Pat Favale was awarded the Bronze Star Medal and two Purple Hearts for his Army service in Vietnam, where he was critically injured. His story exemplifies courage and determination. He is an inspirational individual who is willing to share his experiences with the disabled veterans of today.
After graduating from Fashion Institute of Technology in NYC in 1968, Pat was ready and eager to embark on what should have been a promising and rewarding career as a fashion illustrator, but instead was drafted into Army's 82nd Airborne and shortly thereafter was sent to fight in the jungles of Vietnam.
Christmas Eve, 1969, while on patrol and handing out candy to children in a friendly village, two Vietcong sympathizers detonated a landmine. In the explosion's wake, Pat lay on the ground with 28 wounds, while many of his fellow soldiers and scores of children were injured, dying or dead.
Pat spent the next year in a military hospital undergoing several operations and recuperating from his injuries. The most traumatic injury sustained was the paralysis of his right arm. Most devastating, since Pat was not only right-handed, but a right-handed artist.
Upon his discharge from hospital, he married his fiancee Barbara, whom he met prior to going to Vietnam and had proposed 3 days after they met. For the next year and a half, Pat and new wife worked through a lengthy and difficult rehab and recuperation period.
When strong enough, he enrolled at CW Post College in NY and, after much hard work, lots of frustration and great determination, he taught himself to draw, paint and sculpt again with his left hand. Pat graduated Summa Cum Laude with a Bachelor's in Fine Arts and went on to teach art in middle school for two years, until his job was downsized due to budget shortfalls.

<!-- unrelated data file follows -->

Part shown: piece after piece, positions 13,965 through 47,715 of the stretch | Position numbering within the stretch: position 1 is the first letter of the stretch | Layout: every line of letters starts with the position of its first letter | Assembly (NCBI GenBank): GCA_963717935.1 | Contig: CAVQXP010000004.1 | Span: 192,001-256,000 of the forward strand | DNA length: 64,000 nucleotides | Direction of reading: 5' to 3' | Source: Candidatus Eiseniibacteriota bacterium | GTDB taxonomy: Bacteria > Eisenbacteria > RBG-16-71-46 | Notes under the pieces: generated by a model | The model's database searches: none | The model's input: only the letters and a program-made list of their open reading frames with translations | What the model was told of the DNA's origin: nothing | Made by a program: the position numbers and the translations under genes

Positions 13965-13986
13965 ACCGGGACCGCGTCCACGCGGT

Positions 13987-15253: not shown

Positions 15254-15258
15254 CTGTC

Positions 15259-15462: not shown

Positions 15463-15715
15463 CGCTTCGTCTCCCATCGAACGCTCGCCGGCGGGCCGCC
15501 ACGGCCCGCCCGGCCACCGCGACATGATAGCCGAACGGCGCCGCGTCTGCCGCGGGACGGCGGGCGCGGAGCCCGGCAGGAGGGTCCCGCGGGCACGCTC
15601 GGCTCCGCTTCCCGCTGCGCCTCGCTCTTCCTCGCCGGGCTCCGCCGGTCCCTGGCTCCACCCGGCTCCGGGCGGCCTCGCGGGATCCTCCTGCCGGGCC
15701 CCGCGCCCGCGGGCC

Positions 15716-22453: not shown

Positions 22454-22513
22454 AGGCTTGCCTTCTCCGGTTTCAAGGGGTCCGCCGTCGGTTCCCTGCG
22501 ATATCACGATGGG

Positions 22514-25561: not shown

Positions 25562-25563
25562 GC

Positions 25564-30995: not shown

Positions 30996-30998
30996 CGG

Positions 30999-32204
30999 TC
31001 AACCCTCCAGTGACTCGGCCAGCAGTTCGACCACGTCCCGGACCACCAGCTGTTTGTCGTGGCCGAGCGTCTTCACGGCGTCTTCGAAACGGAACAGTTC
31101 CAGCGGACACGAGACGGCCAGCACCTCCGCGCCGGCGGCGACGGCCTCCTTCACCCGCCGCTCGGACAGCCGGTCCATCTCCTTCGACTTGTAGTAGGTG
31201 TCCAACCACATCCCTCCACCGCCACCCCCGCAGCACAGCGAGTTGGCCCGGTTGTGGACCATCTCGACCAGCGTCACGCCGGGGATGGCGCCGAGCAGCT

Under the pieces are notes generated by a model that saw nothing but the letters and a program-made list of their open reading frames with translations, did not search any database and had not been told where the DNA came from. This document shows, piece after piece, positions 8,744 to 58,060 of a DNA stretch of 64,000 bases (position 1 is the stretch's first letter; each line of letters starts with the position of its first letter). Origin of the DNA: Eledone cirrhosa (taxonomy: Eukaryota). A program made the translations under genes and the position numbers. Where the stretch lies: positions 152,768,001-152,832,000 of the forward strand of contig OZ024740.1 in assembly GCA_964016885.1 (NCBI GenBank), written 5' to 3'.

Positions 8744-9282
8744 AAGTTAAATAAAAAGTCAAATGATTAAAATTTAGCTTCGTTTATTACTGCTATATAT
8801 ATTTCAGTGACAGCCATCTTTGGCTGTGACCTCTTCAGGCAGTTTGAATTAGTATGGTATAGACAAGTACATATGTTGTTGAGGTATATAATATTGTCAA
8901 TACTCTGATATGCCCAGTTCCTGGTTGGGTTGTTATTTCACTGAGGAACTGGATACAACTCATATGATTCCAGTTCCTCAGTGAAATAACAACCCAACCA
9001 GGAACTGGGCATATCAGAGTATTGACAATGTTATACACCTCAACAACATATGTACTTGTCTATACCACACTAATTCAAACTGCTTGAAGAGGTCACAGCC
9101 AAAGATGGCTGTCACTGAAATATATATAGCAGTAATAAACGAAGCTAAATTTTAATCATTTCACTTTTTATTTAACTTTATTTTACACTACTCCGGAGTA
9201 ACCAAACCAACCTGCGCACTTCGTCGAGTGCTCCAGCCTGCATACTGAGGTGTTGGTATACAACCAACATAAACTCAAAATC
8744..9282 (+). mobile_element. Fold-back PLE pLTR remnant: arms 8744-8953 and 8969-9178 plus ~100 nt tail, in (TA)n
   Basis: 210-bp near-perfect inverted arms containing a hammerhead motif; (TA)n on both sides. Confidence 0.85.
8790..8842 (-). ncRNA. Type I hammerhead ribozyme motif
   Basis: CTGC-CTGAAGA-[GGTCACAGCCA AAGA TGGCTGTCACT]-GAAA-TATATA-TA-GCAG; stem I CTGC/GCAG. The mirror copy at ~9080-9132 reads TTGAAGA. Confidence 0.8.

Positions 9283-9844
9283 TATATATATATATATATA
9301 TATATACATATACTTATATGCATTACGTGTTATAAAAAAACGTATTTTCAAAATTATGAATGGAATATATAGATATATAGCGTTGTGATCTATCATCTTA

With a mortgage, new twin boys and bills, he put his art career on hold and entered the corporate world. Pat enjoyed a successful and rewarding career as a corporate executive until the tech bubble bust. Like many others who were downsized, he found himself without a job for the first time in 24 years. After trying unsuccessfully to find another job, Pat decided to pursue a marketing consulting career.
On the morning of 9/11/2001, as Pat watched the horrific events unfold live before his eyes on TV, he was shaken to the core with grief and anger. In an effort to express his emotions, Pat sat down at his worktable and poured out his feelings. Moments later, he had created a patriotic design that would forever memorialize this event. This was the first time in 26 years Pat was moved to draw and express his feelings. The event forever changed Pat. On that day, he put his consulting career on the shelf and with the loving support of Barbara, his wife of 31 years, refocused his life on expressing his feelings and emotions through his gift and love for drawing.
Pat is now an accomplished portrait artist and art instructor. He resides with his wife in St. Augustine, Florida.
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